Friday, December 9, 2022

Researchers turn discarded CDs into flexible and stretchable biosensors

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As digital music files become more popular, CDs are falling into disuse. Sadly, discarded CDs end up in landfills with negative environmental consequences. However, some of them can still be used since the gold foil in them can be used in the production of wearable biosensors.

Researchers from Binghamton University’s Thomas J. Watson College of Engineering and Applied Science are offering a second life for CDs: Turn them into flexible biosensors that are inexpensive and easy to manufacture. In their research published in Nature Communications, the researchers show how a gold CD’s thin metallic layer can be separated from the rigid plastic and fashioned into sensors for numerous applications.

The CD was initially soaked in 40 mL of acetone for 1.5 minutes, releasing the metal layer by breaking down the polycarbonate substrate. The metal from the CD was easily harvested with polyimide tape, which also serves as the substrate layer in the new device integration to improve the mechanical durability and robustness of the thin metal film.

By removing the gold layer of a CD from the plastic underneath, Binghamton University researchers have created flexible biosensors for numerous applications.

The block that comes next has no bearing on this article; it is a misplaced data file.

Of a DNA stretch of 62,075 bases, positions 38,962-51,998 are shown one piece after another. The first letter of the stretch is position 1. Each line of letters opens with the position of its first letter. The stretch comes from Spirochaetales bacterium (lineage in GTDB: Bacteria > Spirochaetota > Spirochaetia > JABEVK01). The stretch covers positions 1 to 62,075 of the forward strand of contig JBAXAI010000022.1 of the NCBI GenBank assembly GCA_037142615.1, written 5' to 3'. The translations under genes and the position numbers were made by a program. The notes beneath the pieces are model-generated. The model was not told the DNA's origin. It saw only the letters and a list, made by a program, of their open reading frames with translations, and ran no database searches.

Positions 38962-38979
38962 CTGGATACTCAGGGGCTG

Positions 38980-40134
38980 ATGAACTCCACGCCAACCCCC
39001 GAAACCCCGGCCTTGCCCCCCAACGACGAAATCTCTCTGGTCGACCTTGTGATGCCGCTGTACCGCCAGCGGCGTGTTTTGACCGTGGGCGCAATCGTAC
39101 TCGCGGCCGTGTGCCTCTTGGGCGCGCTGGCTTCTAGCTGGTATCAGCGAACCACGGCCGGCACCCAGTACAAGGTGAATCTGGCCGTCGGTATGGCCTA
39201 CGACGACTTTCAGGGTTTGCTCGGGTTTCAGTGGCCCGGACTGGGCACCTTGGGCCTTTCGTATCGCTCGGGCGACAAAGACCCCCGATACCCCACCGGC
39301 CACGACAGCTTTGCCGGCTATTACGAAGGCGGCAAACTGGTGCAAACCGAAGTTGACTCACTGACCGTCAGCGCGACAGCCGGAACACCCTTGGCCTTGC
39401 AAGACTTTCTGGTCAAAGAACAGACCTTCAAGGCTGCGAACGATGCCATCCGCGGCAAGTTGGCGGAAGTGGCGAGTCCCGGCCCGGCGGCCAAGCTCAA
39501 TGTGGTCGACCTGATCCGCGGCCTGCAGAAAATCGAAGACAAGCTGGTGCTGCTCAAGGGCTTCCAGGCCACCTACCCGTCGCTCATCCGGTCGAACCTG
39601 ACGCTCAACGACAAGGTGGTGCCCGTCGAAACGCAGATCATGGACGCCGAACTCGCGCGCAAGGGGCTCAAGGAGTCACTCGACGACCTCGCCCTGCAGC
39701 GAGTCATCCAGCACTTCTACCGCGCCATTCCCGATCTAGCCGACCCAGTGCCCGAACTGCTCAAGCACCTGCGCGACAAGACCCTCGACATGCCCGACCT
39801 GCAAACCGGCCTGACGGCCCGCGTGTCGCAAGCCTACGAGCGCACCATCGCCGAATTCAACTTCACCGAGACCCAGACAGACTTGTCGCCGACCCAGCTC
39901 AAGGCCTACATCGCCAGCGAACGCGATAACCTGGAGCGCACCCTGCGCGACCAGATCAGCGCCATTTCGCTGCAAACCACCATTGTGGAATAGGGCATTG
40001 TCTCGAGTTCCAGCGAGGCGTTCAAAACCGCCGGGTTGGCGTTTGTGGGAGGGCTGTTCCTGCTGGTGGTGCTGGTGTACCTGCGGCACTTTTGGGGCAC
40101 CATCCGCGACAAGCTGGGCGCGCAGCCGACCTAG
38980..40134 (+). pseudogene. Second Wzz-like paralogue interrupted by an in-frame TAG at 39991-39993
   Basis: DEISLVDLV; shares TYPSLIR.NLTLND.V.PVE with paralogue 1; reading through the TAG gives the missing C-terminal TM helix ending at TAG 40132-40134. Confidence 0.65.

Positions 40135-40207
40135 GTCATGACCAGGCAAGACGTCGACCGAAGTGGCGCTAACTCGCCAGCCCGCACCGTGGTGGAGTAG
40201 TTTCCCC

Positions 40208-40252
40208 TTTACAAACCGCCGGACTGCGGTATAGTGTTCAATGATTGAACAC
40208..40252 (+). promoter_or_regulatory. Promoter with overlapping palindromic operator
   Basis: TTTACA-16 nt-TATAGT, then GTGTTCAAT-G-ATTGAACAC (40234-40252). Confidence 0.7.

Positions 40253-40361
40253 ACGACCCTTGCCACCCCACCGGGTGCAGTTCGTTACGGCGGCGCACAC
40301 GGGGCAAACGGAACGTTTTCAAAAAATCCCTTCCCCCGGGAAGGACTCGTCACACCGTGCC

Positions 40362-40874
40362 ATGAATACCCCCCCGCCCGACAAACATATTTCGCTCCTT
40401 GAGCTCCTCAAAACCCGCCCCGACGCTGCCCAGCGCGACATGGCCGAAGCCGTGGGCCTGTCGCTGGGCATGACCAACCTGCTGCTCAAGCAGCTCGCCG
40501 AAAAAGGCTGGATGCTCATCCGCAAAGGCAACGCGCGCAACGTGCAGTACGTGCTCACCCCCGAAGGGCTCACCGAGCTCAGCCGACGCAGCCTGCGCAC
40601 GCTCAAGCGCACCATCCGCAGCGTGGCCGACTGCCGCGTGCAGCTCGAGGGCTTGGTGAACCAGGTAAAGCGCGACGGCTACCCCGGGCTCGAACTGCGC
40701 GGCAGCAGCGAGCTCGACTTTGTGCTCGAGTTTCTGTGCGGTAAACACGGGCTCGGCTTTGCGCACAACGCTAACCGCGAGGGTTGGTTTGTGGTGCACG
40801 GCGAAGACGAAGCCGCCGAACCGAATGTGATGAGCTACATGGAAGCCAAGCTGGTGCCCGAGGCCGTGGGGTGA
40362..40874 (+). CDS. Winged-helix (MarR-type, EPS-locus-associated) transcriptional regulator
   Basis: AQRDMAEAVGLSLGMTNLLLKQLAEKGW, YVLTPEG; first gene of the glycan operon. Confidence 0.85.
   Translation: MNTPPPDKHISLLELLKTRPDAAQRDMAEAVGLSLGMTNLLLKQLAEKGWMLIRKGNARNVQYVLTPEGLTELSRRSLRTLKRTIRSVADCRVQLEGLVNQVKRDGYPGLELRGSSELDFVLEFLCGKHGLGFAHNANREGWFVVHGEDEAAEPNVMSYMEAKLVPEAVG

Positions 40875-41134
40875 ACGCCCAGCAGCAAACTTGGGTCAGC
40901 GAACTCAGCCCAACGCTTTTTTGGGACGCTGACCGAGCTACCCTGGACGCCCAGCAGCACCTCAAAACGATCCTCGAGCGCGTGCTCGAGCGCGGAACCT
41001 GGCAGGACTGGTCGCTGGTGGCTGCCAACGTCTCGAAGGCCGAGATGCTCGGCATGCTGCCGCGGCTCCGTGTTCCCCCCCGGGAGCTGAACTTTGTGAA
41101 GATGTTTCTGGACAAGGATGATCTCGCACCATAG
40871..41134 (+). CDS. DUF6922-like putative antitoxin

By removing the gold layer of a CD from the plastic underneath, Binghamton University researchers have created flexible biosensors for numerous applications. Credit: Binghamton University

“When you pick up your hair on your clothes with sticky tape, that is essentially the same mechanism,” said Assistant Professor Ahyeon Koh, who led the research. “We loosen the layer of metals from the CD and then pick up that metal layer with tape, so we just peel it off. That thin layer is then processed and flexible.”

Researchers created the sensors utilizing a commercially available Cricut cutter, an off-the-shelf machine for crafters that generally cut designs from materials like paper, vinyl, card stock, and iron-on transfers. The flexible circuits then would be removed and stuck onto a person. The whole fabrication process was completed in 20-30 minutes, without releasing toxic chemicals or needing expensive equipment, and it costs about $1.50 per device.

Combined with other electronics, these biosensors can be used to monitor electrical activity in the human heart and muscles as well as lactose, glucose, pH, and oxygen levels. These sensors can communicate with a smartphone via Bluetooth.

“We used gold CDs, and we want to explore silver-based CDs, which I believe are more common,” the Ph.D. student Matthew Brown said. “How can we upcycle those types of CDs with the same kind of process? We also want to look at if we can utilize laser engraving rather than using the fabric-based cutter to improve the upcycling speed even further.”

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